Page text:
Security Awareness Training Could Use Some R&R

In an attempt to make security awareness training as engaging as possible, the industry ditched its core purpose and value. Instead of creating content proven to change digital user behaviors, companies sought to produce incredibly over-the-top shock value videos that grabbed attention.

The problem with this strategy is while end-users are more willing to participate in training, lessons learned are shockingly limited. In addition, per Ivoryware research, many users find overproduced content to be relatively demeaning because they feel talked down to, including some of our lessons.

Post research Ivoryware training strategy

To remain focused on our purpose Ivoryware has shifted our production stance to include a heavy dose of Respectful Reimagination. As one of the only vendors on the market that creates 100% of our content in-house, we are well-positioned.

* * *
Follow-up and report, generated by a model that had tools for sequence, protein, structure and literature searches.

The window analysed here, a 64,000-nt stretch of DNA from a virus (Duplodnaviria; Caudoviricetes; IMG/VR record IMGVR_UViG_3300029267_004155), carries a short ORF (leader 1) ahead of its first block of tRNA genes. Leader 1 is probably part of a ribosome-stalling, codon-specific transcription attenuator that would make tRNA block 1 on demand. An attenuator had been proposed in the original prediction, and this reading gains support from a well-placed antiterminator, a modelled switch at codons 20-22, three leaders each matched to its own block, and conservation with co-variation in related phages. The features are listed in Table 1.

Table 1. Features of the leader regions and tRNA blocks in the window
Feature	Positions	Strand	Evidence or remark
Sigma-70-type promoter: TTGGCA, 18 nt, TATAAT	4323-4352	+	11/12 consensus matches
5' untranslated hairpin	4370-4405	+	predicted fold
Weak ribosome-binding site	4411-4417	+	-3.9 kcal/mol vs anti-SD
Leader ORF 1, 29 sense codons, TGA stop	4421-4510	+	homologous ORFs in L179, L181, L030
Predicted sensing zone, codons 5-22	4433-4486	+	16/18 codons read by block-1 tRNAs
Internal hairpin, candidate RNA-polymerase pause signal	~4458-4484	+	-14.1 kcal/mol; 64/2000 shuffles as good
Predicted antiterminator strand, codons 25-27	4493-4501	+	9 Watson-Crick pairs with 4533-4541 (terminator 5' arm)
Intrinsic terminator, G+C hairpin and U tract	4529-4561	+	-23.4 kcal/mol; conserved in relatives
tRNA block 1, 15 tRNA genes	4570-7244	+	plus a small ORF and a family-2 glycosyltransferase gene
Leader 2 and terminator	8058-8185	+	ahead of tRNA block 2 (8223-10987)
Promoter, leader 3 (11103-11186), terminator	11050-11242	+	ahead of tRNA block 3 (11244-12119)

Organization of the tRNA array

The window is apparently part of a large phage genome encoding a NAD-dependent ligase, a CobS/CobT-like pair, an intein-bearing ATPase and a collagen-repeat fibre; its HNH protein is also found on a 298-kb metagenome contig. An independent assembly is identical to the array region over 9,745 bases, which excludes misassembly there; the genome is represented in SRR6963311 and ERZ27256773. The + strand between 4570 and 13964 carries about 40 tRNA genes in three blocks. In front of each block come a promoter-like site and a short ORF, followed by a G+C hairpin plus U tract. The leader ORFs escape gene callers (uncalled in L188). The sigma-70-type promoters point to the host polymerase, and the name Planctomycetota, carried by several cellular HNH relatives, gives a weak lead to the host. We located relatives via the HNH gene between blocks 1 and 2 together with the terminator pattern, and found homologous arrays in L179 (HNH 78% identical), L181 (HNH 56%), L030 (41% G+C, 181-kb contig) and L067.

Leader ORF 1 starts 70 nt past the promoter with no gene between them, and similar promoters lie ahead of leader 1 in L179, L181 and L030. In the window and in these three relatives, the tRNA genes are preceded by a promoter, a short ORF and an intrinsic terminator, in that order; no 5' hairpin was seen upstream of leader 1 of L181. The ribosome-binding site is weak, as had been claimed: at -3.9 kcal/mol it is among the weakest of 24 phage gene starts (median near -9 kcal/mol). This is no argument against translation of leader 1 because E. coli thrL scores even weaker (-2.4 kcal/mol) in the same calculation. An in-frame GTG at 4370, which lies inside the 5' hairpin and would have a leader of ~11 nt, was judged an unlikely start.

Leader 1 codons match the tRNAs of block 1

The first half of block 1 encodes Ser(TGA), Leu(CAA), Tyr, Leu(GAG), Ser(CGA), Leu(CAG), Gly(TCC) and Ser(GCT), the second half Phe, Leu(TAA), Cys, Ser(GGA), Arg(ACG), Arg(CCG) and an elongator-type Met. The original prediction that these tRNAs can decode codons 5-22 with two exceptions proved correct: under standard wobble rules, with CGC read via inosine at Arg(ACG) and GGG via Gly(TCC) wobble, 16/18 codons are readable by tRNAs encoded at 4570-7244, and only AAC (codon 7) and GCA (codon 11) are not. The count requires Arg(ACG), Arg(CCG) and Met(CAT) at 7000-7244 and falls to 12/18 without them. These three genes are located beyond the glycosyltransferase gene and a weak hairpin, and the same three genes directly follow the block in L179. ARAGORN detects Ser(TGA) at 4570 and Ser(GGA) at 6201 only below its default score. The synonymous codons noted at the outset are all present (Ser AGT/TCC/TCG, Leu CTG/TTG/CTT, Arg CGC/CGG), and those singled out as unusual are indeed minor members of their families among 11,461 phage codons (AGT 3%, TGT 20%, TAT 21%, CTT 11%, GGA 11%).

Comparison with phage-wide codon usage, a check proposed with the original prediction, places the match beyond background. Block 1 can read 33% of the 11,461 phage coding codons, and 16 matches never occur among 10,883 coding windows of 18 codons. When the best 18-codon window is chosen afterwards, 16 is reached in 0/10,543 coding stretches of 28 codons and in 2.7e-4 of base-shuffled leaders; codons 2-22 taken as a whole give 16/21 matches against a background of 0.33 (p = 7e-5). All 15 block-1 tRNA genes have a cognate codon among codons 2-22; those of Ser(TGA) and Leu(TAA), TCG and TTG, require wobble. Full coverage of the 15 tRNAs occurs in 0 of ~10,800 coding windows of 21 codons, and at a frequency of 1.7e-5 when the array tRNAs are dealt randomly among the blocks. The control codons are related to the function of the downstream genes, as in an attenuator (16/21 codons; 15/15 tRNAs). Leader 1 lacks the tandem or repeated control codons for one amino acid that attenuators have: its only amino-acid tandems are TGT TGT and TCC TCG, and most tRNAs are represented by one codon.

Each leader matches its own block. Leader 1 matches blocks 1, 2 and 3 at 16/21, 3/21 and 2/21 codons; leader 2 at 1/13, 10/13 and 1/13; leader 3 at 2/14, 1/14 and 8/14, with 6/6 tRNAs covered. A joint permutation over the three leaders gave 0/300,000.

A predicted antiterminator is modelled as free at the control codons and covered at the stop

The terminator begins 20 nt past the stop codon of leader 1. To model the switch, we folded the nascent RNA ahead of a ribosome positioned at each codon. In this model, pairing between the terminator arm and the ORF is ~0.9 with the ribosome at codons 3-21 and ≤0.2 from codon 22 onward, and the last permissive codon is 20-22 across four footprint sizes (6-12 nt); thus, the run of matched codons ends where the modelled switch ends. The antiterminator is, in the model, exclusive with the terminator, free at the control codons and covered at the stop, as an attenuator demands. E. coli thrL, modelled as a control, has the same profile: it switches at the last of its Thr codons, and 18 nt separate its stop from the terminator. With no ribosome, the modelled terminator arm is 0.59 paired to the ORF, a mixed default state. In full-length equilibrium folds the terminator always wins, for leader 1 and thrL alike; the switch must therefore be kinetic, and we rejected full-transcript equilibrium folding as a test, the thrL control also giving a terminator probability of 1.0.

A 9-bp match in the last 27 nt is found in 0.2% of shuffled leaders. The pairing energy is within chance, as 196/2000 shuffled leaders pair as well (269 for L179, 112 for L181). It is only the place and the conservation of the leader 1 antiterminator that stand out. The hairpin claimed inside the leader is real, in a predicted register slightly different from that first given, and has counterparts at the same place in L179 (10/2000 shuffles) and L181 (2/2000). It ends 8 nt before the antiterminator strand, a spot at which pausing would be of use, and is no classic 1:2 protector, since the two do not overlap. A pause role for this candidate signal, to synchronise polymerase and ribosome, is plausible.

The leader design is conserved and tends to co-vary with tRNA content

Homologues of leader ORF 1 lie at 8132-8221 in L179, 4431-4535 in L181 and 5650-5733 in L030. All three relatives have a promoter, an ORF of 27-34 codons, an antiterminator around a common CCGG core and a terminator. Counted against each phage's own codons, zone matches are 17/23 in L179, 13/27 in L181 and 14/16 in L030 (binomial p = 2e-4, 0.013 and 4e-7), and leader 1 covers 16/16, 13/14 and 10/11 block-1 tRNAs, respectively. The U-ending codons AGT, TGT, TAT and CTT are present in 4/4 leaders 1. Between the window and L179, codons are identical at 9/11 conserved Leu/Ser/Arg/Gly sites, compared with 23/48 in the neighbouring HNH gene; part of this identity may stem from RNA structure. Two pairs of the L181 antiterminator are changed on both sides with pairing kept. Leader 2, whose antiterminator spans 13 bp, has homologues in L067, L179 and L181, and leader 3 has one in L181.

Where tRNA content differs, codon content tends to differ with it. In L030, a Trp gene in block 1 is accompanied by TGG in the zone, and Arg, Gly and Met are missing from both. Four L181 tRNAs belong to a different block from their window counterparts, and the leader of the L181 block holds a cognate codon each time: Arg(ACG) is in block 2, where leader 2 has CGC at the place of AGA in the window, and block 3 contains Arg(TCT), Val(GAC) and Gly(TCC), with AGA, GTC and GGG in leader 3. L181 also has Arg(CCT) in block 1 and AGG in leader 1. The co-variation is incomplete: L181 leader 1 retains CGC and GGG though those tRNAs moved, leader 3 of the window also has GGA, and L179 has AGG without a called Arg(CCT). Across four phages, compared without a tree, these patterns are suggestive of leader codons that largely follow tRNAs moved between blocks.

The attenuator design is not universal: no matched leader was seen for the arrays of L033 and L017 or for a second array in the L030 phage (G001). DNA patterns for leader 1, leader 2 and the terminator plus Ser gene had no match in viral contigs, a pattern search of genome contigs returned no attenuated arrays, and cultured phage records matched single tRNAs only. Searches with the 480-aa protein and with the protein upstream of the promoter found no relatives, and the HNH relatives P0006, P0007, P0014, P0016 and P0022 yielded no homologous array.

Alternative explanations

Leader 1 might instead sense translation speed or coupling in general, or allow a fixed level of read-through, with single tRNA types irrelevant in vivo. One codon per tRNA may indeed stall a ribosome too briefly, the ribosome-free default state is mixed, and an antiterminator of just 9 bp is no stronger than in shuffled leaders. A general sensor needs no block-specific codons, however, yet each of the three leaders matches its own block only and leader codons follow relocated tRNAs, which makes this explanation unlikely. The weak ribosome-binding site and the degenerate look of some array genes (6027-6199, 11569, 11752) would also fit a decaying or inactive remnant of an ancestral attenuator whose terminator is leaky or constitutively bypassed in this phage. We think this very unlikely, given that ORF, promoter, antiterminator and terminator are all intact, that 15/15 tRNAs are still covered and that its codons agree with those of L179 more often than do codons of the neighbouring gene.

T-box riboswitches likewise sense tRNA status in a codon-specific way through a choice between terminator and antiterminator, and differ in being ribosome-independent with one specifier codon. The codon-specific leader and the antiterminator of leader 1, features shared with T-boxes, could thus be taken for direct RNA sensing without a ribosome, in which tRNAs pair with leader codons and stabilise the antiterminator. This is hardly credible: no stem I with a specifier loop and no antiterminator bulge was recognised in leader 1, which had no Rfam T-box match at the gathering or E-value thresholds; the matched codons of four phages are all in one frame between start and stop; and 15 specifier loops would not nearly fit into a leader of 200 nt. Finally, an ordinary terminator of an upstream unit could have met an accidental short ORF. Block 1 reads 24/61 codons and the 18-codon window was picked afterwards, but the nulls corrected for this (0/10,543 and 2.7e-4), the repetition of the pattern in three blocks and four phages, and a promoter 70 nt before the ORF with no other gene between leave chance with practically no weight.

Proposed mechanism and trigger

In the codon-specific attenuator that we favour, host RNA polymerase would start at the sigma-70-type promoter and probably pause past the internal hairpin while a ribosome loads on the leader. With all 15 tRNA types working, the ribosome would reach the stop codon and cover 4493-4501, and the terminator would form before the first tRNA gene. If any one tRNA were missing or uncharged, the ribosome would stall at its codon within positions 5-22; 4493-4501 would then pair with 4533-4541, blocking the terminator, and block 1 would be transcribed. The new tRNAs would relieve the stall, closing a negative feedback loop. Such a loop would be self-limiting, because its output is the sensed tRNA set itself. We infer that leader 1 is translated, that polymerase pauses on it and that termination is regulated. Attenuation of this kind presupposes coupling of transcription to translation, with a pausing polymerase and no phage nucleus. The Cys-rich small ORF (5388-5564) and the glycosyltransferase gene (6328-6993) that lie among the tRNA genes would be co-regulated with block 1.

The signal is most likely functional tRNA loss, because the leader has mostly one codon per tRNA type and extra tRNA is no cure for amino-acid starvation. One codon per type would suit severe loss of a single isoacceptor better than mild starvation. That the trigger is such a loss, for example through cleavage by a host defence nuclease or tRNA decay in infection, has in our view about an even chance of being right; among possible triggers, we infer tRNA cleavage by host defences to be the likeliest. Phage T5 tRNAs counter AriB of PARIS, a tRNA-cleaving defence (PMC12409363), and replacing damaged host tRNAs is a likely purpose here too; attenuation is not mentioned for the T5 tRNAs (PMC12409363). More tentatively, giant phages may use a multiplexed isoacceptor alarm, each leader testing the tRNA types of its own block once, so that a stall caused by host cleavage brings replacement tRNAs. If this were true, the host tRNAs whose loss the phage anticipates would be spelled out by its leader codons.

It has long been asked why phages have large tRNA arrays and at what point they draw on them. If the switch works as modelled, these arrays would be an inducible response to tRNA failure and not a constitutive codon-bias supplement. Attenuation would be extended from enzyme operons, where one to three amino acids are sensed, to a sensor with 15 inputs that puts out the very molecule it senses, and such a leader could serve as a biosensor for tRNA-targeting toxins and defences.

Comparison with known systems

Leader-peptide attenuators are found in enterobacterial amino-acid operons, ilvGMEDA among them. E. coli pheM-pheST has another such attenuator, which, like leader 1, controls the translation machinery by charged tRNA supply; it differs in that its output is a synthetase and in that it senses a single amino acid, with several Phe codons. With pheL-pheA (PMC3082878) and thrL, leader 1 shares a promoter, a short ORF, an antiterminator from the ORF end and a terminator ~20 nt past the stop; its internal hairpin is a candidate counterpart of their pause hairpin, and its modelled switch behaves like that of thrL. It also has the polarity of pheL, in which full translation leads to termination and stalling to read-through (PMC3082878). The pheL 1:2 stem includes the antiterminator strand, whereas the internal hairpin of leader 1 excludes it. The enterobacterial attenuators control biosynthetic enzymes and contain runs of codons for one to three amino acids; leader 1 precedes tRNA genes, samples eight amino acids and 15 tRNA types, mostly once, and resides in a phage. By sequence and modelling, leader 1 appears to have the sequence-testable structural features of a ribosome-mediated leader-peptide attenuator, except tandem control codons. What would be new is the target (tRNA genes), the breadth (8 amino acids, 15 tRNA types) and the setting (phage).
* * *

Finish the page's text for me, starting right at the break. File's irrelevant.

For the End-User

Instead of producing content with samurais slashing phishing emails in half, loud noises with flashing lights, and complex Goosebumps style storylines, Ivoryware focuses on “to the point” short lessons paired with easy to digest animations.

For the Security Leader

Ivoryware’s R&D strategies are focused on making the security leader’s job duties associated with security awareness as automated as possible instead of adding complex bells and whistles. A mature security awareness program goes so far beyond technology.

The awareness executive should spend less time managing reports and deploying training campaigns and more time developing custom in-house initiatives to build upon a culture of security awareness.

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